A shortlist of the best Marvel films on DVD and Blu-ray
by Tony Dayoub
Once unable to get many of its most iconic characters on the big screen, its superheroes tied up in litigation due to some bad business decisions, Marvel Entertainment now thrives thanks to much of the education it reluctantly received in courtrooms. Its rival, DC Comics (publishing home of Superman and Batman), is stuck in a sort of stasis, unable to capitalize on a stable of comic book characters that are arguably better known than Marvel’s. (Remember the Super Friends, aka the Justice League?) Perhaps DC is a victim of “synergy” with parent company Warner Brothers. The conglomerate’s natural tendency to play it safe resulted in this summer’s Green Lantern, a homogenous piece of hokum that stunk of test-marketing. Just this past weekend, as the annual geek convention known as the San Diego Comic-Con was raging, Warner announced that the release of Zack Snyder’s all-star Superman feature, The Man of Steel, would be delayed until 2013. Meanwhile, the canny Marvel Studios keeps drawing its licensed characters closer under the roof of its new parent company, the Walt Disney Company. Disney purchased the distribution rights for the remaining features in the Iron Man and Captain America franchises, as well as the upcoming Avengers film, an experiment in which multiple franchise stars like Thor and the Hulk will unite with the aforementioned heroes to form a powerful mega-team.
Marvel’s films succeed by going for the purest distillation of its distinctive characters’ qualities, often pairing the right, edgy filmmaker (up-and-coming or veteran) with a project and reframing their character concepts to play better onscreen at the risk of alienating even their most loyal fans. Yes, superhero films still have certain limitations. The first entry in a series usually spends an excessive amount of time on exposition to explain the character’s origin; how much time did Spider-Man actually spend fighting the Green Goblin in the first installment? That’s why you’ll see a lot of sequels on this list. And a new storytelling convention is equally detrimental; recent movies in this genre have been peppering their already large casts with other popular characters (to comic fans, at least), burning valuable screen time in order to set up future franchises; for example, Iron Man 2 introduced the Black Widow and War Machine, the blockbuster serving more as a prelude to 2012’s The Avengers than as a film in its own right. But this past weekend, Marvel’s latest entry, Captain America: The First Avenger, stunned speculators by besting the latest and last Harry Potter film at the box office, after the Potter movie had one of the best opening weekends of all time the week before. Any cries that the superhero genre is in its final death throes have been silenced.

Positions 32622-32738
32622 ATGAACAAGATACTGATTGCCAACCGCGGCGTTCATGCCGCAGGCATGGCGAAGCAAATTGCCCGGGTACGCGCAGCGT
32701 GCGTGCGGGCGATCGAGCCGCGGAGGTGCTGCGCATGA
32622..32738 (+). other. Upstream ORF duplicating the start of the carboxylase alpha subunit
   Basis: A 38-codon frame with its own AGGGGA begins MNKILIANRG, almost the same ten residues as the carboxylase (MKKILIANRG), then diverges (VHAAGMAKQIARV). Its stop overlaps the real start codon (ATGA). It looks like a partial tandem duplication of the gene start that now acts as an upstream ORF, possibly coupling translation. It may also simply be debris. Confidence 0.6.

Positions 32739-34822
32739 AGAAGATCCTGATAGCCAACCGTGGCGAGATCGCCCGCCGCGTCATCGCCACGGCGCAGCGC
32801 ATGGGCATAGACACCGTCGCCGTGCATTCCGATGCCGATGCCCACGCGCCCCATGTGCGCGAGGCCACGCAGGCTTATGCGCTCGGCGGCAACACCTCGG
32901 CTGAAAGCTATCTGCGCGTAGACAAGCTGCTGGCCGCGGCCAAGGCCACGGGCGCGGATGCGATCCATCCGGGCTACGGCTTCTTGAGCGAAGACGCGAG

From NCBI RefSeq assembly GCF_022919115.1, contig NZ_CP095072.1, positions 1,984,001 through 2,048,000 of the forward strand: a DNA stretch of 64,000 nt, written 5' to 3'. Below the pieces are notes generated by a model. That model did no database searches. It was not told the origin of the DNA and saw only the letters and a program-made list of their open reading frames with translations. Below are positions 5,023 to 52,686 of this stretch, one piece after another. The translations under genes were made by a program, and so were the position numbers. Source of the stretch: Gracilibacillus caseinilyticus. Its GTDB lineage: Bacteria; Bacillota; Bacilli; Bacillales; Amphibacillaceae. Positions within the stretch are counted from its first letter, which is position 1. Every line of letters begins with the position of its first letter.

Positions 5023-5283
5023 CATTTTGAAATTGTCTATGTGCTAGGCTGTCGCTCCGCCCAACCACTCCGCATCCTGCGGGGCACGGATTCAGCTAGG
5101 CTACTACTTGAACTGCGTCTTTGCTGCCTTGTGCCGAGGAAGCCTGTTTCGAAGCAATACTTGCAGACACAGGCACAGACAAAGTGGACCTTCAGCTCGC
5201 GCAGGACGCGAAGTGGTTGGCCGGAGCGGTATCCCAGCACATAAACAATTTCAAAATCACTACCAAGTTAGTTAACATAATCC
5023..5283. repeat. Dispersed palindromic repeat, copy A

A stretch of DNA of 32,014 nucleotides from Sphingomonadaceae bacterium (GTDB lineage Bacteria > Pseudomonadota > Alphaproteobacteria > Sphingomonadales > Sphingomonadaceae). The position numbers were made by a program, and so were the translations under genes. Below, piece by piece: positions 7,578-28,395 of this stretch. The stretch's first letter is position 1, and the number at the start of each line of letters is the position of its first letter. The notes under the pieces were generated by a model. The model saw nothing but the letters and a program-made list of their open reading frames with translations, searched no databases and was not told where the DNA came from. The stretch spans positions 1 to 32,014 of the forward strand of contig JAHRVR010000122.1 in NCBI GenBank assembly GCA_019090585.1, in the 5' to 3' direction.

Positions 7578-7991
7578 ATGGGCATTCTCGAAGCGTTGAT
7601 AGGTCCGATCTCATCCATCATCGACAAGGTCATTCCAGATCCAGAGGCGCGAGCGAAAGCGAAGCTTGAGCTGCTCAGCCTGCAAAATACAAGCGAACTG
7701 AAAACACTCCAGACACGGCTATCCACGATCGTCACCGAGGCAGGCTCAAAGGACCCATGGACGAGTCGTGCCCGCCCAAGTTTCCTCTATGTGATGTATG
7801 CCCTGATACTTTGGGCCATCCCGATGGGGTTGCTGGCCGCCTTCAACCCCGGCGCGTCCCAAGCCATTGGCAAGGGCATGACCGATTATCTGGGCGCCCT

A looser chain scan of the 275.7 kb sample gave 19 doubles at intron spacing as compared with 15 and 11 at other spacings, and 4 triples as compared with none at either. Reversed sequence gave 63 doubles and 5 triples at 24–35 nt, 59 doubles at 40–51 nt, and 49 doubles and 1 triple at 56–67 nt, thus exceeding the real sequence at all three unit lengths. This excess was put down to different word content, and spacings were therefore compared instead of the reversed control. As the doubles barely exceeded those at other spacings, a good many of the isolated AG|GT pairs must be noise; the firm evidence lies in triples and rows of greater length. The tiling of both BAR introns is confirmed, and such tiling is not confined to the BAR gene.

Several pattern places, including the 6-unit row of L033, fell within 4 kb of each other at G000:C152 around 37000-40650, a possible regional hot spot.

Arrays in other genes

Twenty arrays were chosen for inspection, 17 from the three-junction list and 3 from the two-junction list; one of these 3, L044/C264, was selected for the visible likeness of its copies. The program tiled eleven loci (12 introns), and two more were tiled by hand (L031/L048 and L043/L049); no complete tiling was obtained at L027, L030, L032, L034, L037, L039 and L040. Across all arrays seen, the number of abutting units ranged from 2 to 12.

The films I’ve highlighted below are largely designed to be enjoyed by viewers without knowledge of a lot of the extra baggage. For your consideration and in order of theatrical release date, my favorite
CONTINUE READING AT NOMAD EDITIONS: WIDE SCREEN